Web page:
Reminiscences permeate the dozen diverse tracks that populate Everclear's fourth outing. The trio, spearheaded by writer/guitarist/producer Art Alexakis, looks back in myriad ways on Songs from an American Movie. Alexakis ... more »skillfully and sweetly addresses his recent divorce ("The Honeymoon Song," "Now That's It's Over"), musical heroes ("Otis Redding"), and childhood ("AM Radio"), frequently matching his words with suitably retro music. Although the only cover is a new-wave take on Van Morrison's "Brown Eyed Girl," familiar musical references abound. On "AM Radio," a brief sample of "Mr. Big Shot" sets the tone for funky flashback fun, while "The Honeymoon Song" is full of Brian Wilson inflections. Alexakis references his own "Everything to Everyone" in the title track, while "Otis Redding," "Unemployed Boyfriend," and "Wonderful" are more commercial alt-rock Everclear than homage Everclear. Alexakis set out to make a pop album, and while millennial teenagers have their own definition of "pop," for '70s-kid Alexakis, Songs from an American Movie serves as a summertime soundtrack to his thirtysomething life. --Katherine Turman« less
Reminiscences permeate the dozen diverse tracks that populate Everclear's fourth outing. The trio, spearheaded by writer/guitarist/producer Art Alexakis, looks back in myriad ways on Songs from an American Movie. Alexakis skillfully and sweetly addresses his recent divorce ("The Honeymoon Song," "Now That's It's Over"), musical heroes ("Otis Redding"), and childhood ("AM Radio"), frequently matching his words with suitably retro music. Although the only cover is a new-wave take on Van Morrison's "Brown Eyed Girl," familiar musical references abound. On "AM Radio," a brief sample of "Mr. Big Shot" sets the tone for funky flashback fun, while "The Honeymoon Song" is full of Brian Wilson inflections. Alexakis references his own "Everything to Everyone" in the title track, while "Otis Redding," "Unemployed Boyfriend," and "Wonderful" are more commercial alt-rock Everclear than homage Everclear. Alexakis set out to make a pop album, and while millennial teenagers have their own definition of "pop," for '70s-kid Alexakis, Songs from an American Movie serves as a summertime soundtrack to his thirtysomething life. --Katherine Turman
This disc comes in a paper jewel case if you want all inserts, etc.
0 of 3 member(s) found this review helpful.
Cassandra T. from SAN JOSE, CA Reviewed on 3/26/2007...
This is good summer driving music...no need to listen too closely, but fun enough to rock out to.
0 of 1 member(s) found this review helpful.
Kori Frazier | Kent, OH United States | 07/12/2000
(5 out of 5 stars)
"The artwork on the compact disc of Everclear's latest album depicts the classic sad smiley face. Although this is a creative, and yes, fun design, I have to say that it completely disagrees with my thoughts about this album. Even though I am not a big fan of alternative music, Everclear's musical abilities greatly impress me. When I bought "So Much For the Afterglow" last year, I thought that it was a superb album. Yesterday, upon listening to this latest release, I was forced to reassess my opinion. "Songs From An American Movie" puts "Afterglow" to shame. I think that this is the first alternative album I have ever bought where I seriously like the majority of the CD. Also, as a fan of the culture of the late 1960s, I enjoyed the concept theme on this album that is prevalent in songs like "AM Radio" and "Otis Redding." Everclear's cover of Van Morrison's "Brown Eyed Girl" is even better than the original. And of course, we can't overlook "Wonderful", which is probably the best Everclear song I have heard to date. The situation and message in this song has brought tears to my eyes every time I have listened to it; it is just too close to reality for many people that I know. Conclusively, this is an excellent CD. It is not exclusively for alternative fans, but can be enjoyed by anyone who just likes to listen to good music. I, a country and folk music fan, am walking proof of that! :-)"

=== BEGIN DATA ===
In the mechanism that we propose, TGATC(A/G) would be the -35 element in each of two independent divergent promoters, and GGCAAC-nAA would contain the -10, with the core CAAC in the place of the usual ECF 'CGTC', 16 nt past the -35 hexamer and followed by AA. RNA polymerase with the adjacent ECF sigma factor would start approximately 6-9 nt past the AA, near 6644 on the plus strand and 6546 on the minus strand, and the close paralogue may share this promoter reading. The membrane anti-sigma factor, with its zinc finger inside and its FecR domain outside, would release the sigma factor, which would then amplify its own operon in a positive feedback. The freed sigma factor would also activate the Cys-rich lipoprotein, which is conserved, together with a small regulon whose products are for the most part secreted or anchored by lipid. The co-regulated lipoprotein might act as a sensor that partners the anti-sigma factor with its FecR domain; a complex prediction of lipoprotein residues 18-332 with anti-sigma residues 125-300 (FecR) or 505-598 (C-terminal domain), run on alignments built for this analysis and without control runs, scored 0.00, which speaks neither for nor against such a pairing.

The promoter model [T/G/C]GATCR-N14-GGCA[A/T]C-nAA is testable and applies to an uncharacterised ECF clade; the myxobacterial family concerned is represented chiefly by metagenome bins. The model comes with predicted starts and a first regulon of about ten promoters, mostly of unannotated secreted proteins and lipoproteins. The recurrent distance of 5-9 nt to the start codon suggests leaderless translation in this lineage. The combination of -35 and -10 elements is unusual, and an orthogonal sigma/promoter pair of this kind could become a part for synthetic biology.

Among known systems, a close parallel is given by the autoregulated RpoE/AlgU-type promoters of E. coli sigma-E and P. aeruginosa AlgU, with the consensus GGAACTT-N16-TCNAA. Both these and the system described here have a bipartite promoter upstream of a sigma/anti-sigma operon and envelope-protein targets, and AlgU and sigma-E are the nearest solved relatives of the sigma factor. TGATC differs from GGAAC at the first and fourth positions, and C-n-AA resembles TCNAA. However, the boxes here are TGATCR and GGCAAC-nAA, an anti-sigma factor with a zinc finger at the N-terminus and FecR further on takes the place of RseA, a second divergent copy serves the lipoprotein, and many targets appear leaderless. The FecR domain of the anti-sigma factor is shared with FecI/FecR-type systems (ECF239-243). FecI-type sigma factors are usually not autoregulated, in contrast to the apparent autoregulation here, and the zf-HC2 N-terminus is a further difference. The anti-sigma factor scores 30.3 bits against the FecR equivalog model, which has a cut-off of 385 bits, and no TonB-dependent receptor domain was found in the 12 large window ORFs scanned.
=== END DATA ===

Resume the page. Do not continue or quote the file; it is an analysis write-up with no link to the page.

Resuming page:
Jon Simon | Fairfax, VA USA | 07/12/2000
(4 out of 5 stars)
"Most alternative bands today seem to be one amorphous band with hundreds of musicians all producing the same songs. Everclear has set apart themselves from this generic monster with their latest album, Songs From an American Movie, by using a rich variety of styles. For example, "Here We Go Again" and "AM Radio" use simple but effective sampling in the songs, similar to Beastie Boy's "Pauls' Boutique". "Learning How to Smile", "Otis Redding", and "Annabella's Song" use orchestral accompaniment similar to the Beatles "Sgt Pepper". And, there are songs such as "Wonderful" which is simply pure Everclear. This album isn't perfect though: there is a cover of "Brown Eyed Girl" which I thought was not necessary, and "Unemployed Boyfriend" uses an annoying voice over of a women talking about how she meets this guy at the unemployment office. However, there are many gems. "Wonderful" displays Everclear's great song writing ability; the hard-biting lyrics will remind you "Father of Mine". "Here We Go Again" and "AM Radio" have a funky back beat and are very catchy. This album is definitely the "Sgt Boutique" for Everclear. I hope they continue to produce songs with meaningful lyrics, depth, and variety."
Heartfelt Lyrics + Diversity = Success
Jon Simon | 07/11/2000
(5 out of 5 stars)